Rats giggle too
- Did you know that rats giggle if you tickle them and come back for more?
(There is a picture beside me of Sri Chinmoy with a little gray rodent
nuzzling his outstretched hand - I wonder if it is purring, inaudible
to the humans around it). In a video called, "Why Dogs Smile and
Chimpanzees Cry" by Sigourney Weaver and Carol L. Fleisher, I listened
to a rat giggle in frequnecies lowered (transduced) to the level where
human ears could perceive it, as it was tickled.
From the video cover:
"Does a dog smile? Does a chimpanzee cry? New technologies of brain
imaging coupled with observations of animals who are learning a human
language, finally offer a glimpse into the hearts and minds of our
fellow beings. Join scientists and documentary filmmakers as they
travel on an unprecedented journey into emotional realms that were
thought to be exclusively human."
The video touched me deeply. It is about emotions in animals. It
features views of our fellow creatures, mammals, by those who love and
are fascinated by them, creatures it turns out, who are not so
different from ourselves.
Part observation, part interpretation, I found it a melding of mind
and heart, science and spirit. Perhaps it means a little extra to me,
because earlier decades of my life were spent searching for truth
through science, geology, chemistry, biology, psychology and finally
in the study of physics. Finding myself teaching the stuff I
wondered, "What am I doing here? I haven't found what I was looking
for ". Gradually I abandoned this approach to truth, to look in an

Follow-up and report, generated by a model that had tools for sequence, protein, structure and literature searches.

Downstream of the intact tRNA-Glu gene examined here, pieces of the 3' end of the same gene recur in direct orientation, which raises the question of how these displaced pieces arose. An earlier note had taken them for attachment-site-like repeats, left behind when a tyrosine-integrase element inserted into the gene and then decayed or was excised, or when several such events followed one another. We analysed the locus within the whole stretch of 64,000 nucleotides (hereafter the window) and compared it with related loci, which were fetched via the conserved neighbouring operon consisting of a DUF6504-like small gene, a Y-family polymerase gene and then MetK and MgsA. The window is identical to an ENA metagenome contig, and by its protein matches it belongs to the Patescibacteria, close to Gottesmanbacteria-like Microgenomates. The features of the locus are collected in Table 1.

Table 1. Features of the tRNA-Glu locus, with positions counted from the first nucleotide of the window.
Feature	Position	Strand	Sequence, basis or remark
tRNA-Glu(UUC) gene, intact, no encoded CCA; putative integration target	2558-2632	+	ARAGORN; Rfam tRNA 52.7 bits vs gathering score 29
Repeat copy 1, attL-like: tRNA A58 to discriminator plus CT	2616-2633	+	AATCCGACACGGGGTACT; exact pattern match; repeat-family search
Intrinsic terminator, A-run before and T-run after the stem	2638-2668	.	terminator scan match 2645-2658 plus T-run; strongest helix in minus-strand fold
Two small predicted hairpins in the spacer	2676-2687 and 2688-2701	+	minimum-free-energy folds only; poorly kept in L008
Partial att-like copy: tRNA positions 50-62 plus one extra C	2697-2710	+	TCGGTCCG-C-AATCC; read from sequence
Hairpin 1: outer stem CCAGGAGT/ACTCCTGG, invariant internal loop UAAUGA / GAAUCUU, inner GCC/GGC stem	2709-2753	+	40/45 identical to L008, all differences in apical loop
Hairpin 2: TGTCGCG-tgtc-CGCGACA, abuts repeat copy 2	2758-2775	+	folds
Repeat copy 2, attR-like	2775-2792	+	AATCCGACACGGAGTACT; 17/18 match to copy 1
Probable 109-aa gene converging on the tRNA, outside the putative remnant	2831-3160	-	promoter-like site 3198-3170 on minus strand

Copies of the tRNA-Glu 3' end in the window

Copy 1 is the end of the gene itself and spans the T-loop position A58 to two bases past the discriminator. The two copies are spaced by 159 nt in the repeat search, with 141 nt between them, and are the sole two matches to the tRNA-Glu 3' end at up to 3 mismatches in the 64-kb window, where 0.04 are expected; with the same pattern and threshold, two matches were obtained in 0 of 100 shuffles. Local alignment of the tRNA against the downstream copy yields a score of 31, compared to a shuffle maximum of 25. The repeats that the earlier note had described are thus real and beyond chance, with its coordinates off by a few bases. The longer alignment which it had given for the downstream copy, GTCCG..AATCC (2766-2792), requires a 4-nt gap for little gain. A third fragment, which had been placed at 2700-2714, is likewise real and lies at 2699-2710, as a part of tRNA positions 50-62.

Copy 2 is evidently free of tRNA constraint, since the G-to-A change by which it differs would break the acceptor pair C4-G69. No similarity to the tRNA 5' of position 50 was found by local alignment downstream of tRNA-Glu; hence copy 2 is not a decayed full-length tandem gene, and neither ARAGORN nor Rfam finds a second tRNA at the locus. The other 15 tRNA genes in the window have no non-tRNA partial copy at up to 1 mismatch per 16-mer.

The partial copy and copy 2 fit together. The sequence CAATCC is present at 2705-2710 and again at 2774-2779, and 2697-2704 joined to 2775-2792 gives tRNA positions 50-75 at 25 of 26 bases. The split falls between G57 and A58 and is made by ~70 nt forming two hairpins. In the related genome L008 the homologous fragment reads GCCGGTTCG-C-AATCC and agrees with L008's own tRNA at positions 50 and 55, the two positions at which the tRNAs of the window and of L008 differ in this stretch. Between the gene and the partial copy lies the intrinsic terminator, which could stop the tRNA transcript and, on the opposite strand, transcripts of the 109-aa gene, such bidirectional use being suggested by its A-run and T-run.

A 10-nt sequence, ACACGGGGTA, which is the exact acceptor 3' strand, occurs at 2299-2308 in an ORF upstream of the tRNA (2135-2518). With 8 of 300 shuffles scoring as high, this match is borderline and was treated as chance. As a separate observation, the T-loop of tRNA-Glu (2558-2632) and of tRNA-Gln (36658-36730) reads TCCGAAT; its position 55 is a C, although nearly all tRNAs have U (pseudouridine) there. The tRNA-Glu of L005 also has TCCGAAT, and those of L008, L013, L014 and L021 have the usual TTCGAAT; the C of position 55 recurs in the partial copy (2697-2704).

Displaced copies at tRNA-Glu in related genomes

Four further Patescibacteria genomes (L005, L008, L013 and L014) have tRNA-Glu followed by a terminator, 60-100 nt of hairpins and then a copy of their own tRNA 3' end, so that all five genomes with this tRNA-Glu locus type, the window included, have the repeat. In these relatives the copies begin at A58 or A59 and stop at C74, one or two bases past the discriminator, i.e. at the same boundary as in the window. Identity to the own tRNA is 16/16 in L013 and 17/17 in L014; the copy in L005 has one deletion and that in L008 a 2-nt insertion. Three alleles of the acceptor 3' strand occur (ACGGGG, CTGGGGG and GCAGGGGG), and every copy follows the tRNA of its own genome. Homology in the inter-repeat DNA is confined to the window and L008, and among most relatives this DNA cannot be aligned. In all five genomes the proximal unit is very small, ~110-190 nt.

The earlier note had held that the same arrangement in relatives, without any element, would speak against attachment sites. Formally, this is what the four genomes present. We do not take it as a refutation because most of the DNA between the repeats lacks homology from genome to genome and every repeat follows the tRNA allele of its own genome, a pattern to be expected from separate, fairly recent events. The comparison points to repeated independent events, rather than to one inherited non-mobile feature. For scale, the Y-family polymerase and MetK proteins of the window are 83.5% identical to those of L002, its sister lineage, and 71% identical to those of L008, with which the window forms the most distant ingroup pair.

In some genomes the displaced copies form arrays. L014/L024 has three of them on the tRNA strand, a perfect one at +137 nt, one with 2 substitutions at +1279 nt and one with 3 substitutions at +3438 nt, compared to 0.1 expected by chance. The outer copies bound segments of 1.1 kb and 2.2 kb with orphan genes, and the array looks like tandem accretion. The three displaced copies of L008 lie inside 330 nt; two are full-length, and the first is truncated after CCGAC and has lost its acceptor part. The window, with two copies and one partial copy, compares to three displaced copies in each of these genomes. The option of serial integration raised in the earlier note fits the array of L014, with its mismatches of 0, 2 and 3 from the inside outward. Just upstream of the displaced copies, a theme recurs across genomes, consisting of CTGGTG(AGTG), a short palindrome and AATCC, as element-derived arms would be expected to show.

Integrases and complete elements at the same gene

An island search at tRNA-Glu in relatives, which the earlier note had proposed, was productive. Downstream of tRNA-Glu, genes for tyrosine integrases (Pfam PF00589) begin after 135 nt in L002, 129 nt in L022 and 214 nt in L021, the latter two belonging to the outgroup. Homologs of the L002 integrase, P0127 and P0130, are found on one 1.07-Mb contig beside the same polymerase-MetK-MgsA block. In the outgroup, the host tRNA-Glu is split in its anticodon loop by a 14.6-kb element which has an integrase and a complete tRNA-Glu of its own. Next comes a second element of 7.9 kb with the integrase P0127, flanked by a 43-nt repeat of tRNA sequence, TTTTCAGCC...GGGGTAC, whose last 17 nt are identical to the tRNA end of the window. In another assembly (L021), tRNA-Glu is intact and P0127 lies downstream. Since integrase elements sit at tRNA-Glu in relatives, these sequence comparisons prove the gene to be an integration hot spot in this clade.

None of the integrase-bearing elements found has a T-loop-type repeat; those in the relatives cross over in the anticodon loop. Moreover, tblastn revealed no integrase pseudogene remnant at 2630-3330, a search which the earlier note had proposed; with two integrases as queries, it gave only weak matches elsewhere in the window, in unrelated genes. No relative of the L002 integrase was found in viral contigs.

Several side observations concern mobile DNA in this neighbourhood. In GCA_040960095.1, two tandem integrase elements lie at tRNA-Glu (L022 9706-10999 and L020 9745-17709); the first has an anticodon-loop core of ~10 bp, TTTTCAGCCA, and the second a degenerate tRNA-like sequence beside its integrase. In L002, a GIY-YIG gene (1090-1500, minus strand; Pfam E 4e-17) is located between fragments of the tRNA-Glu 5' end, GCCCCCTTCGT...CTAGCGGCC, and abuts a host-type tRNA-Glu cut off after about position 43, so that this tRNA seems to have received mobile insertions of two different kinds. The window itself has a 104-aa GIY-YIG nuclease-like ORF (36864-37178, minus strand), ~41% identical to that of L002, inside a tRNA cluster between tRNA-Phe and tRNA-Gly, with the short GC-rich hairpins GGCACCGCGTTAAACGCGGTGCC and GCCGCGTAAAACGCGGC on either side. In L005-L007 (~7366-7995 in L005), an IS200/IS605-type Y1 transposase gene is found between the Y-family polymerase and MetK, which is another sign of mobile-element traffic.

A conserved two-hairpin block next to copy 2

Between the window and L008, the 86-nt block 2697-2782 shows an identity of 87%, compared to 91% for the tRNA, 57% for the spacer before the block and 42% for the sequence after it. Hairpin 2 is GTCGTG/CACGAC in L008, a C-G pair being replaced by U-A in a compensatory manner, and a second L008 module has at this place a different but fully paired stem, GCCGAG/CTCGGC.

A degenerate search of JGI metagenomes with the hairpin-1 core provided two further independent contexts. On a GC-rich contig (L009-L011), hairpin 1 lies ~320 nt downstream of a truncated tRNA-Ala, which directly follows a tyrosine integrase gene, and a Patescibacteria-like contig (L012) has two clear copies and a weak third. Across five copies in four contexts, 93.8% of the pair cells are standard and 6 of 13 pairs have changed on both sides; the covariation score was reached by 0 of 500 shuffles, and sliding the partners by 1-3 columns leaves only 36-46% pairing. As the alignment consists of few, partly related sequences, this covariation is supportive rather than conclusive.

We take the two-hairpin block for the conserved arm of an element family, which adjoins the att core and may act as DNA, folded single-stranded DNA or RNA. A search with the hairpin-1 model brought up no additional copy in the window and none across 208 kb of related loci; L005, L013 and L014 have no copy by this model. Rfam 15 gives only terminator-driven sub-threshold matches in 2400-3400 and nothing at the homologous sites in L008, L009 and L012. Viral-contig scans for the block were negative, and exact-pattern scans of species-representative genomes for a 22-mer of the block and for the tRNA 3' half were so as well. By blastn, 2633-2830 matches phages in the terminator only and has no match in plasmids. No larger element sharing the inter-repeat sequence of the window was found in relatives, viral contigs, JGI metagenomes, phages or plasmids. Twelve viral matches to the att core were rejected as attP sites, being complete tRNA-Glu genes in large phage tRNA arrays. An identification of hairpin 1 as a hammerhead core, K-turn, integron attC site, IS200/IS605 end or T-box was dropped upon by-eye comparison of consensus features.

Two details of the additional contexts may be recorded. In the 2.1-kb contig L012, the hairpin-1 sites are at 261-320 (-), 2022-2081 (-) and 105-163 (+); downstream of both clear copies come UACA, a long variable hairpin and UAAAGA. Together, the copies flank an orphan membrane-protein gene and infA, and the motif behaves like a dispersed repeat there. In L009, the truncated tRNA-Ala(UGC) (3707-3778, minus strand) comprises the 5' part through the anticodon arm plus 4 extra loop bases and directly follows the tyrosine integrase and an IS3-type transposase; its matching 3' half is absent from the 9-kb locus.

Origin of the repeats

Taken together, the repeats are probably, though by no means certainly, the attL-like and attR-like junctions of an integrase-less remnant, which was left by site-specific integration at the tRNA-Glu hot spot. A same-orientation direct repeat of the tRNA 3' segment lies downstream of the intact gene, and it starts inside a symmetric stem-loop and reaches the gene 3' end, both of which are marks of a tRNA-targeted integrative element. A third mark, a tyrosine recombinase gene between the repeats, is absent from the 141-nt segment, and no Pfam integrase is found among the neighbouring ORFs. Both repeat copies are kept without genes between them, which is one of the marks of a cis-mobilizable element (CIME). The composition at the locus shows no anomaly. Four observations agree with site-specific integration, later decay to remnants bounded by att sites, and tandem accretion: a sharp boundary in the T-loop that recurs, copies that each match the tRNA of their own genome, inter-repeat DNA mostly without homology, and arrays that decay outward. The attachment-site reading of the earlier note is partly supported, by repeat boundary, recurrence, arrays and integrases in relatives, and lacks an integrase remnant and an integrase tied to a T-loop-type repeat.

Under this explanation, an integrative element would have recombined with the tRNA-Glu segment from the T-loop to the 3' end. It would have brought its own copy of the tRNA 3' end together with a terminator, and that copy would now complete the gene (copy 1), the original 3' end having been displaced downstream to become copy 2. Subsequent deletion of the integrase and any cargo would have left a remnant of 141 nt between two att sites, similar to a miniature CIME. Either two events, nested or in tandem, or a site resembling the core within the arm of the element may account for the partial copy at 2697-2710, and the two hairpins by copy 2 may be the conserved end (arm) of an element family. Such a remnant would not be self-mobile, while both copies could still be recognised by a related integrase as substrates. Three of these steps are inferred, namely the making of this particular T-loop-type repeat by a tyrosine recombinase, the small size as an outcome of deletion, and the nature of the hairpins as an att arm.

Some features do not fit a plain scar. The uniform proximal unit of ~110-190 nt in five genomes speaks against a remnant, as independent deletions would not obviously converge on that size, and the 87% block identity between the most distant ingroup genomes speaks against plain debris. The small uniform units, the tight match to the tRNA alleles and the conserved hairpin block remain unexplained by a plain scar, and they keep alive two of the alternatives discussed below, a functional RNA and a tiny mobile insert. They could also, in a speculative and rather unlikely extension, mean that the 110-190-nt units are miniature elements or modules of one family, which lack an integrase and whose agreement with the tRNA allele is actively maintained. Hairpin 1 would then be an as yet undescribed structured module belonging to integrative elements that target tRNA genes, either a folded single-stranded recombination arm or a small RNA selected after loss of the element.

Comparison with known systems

apparently different way - through meditation and prayer. Now I turn
The video and the effort, creative forces and dreams behind it, are
the work of hearts, minds, bodies, passions and - are a study of
these. In animals, by humans. Who teaches whom, I wonder? I gained
insights into myself by watching it.
"There are many, many ways animals can help us in our evolution. ..."
I think about a post last year. A wise person, who
wise-cracks about giving all her `smarts' to her brother. (I strongly disagree.) She spoke about emotions in humans, emotions in
animals; of the jealousy of pets competing for their master's
affection (sound familiar?...); of the fondness between a young hippo and an old tortoise and the inspiration and hope humanity can gain from the example.
In the video I found more examples. Let me describe some scenes:
Perhaps some of you are familiar with Washoe and her family.
She is a chimpanzee raised for the study of the speech - the capacity
of language in animals, how humans may have developed it. A human
woman researcher-friend of Washoe and her family, took a leave to have
a child. She had a premature birth and lost her baby. When she
returned to visit Washoe after a few days break, Washoe first gave her
the cold shoulder. She had missed her friend. But when the human
woman signed that her baby was lost, Washoe at first was still. She
then made the sign for tears. Washoe had also lost an infant. When
the human made to go, Wasu made the sign for "don't go, hugs". (I
write from memory, and refer you to the video above for exact words.)
When Wasu and her family were prepared for a move to a new home with